Sunday 21 June Reflection from Monsignor Tony Doherty

20 June 2020
Cardinal Seán O'Malley OFM Cap, Archbishop of Boston. Image: Archdiocese of Boston.


A retired priest from the Archdiocese of Sydney has chosen to start recording weekly reflections on the Gospel.

Monsignor Tony Doherty has started a series of reflections called “Breaking Bread Together” on a personal YouTube channel.

The reflections were designed for parishioners of St Joseph’s Neutral Bay, part of the Parishes of Sydney Harbour North, but he warmly welcomes those outside of the parish to the video.


As a rule, I do not find Archbishops very funny.

In that quick one-liner sort of fashion, I mean. Admittedly the sample is a little bit small for such generalisations – but, as I have lived with three of them not to be entirely dismissed either.

But one notable exception comes to mind.

He is the former South African Anglican Bishop of Cape Town, Desmond Tutu who had an outrageous sense of humour and a laugh that could shatter glass. The video reflection attached to the end of this short page will tell you what I mean.

Another cleric who can tell a good story is the Catholic Archbishop of Boston USA, Cardinal Sean O’Malley. He is a Franciscan, who are famous for their storytelling.

On a visit to his ancestral county in Ireland, he was introduced to one of the family stories which he had not heard before. The O’Malleys hail from County Mayo, a part of Ireland that was hallowed by St Patrick’s ministry there.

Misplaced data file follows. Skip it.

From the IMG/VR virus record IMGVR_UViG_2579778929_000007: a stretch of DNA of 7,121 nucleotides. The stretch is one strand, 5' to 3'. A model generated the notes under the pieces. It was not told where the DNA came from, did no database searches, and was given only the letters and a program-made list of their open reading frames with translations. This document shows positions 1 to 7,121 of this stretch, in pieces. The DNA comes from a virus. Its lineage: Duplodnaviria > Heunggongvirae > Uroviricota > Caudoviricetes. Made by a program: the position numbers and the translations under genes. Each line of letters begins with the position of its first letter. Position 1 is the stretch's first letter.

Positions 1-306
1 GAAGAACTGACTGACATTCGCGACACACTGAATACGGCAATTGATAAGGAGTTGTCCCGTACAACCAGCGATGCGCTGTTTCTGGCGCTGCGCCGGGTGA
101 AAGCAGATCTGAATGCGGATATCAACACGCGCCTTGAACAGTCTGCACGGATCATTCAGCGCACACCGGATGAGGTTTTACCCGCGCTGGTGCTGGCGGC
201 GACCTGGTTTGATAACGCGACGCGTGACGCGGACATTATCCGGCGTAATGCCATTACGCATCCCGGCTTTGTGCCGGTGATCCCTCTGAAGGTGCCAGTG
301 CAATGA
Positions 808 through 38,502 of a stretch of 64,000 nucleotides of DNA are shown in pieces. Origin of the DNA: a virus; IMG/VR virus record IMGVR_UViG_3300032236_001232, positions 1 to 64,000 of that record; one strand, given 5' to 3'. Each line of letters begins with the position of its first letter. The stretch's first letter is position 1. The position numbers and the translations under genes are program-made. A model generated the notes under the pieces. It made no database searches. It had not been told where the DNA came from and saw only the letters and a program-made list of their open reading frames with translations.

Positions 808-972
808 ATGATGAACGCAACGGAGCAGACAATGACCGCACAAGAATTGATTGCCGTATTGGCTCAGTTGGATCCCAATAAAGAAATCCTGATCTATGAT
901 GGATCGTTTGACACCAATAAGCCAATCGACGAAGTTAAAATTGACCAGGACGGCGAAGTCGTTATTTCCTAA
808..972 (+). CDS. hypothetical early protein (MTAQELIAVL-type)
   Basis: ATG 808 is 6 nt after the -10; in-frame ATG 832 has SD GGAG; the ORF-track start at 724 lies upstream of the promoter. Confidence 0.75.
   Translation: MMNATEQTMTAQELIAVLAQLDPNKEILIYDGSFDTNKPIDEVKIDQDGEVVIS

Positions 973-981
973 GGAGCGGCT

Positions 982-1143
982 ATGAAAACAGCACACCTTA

They told him the story of a dramatic conversion of an Irish chieftain by the name of Ossian. A huge crowd assembled in a field to witness his baptism.

St Patrick arrived in his Bishop’s vestments with his mitre and staff. St Patrick stuck his staff in the ground and began to preach a long sermon on the Catholic faith.

The people noted that Ossian, who was standing directly in front of St Patrick, began to sweat profusely, he grew pale and finally fainted dead away.

Some people rushed over to help, and they discovered to everyone’s horror that St Patrick had driven his staff through the man’s foot.

When they were able to revive Ossian they said to him, “Why did you not say something?”

And the fierce warrior replied, “I thought that it was part of the ceremony.”

A story dedicated to my gritty Celtic ancestors and all the liturgists I know and love.

The reflection on the Feast of the Ascension below is about ‘letting go’- its pain and its power.

Just click on the link below. And if there is any friend who you feel would like to share this please feel free to forward it to them







To follow Msgr Doherty’s reflections, visit his YouTube channel –


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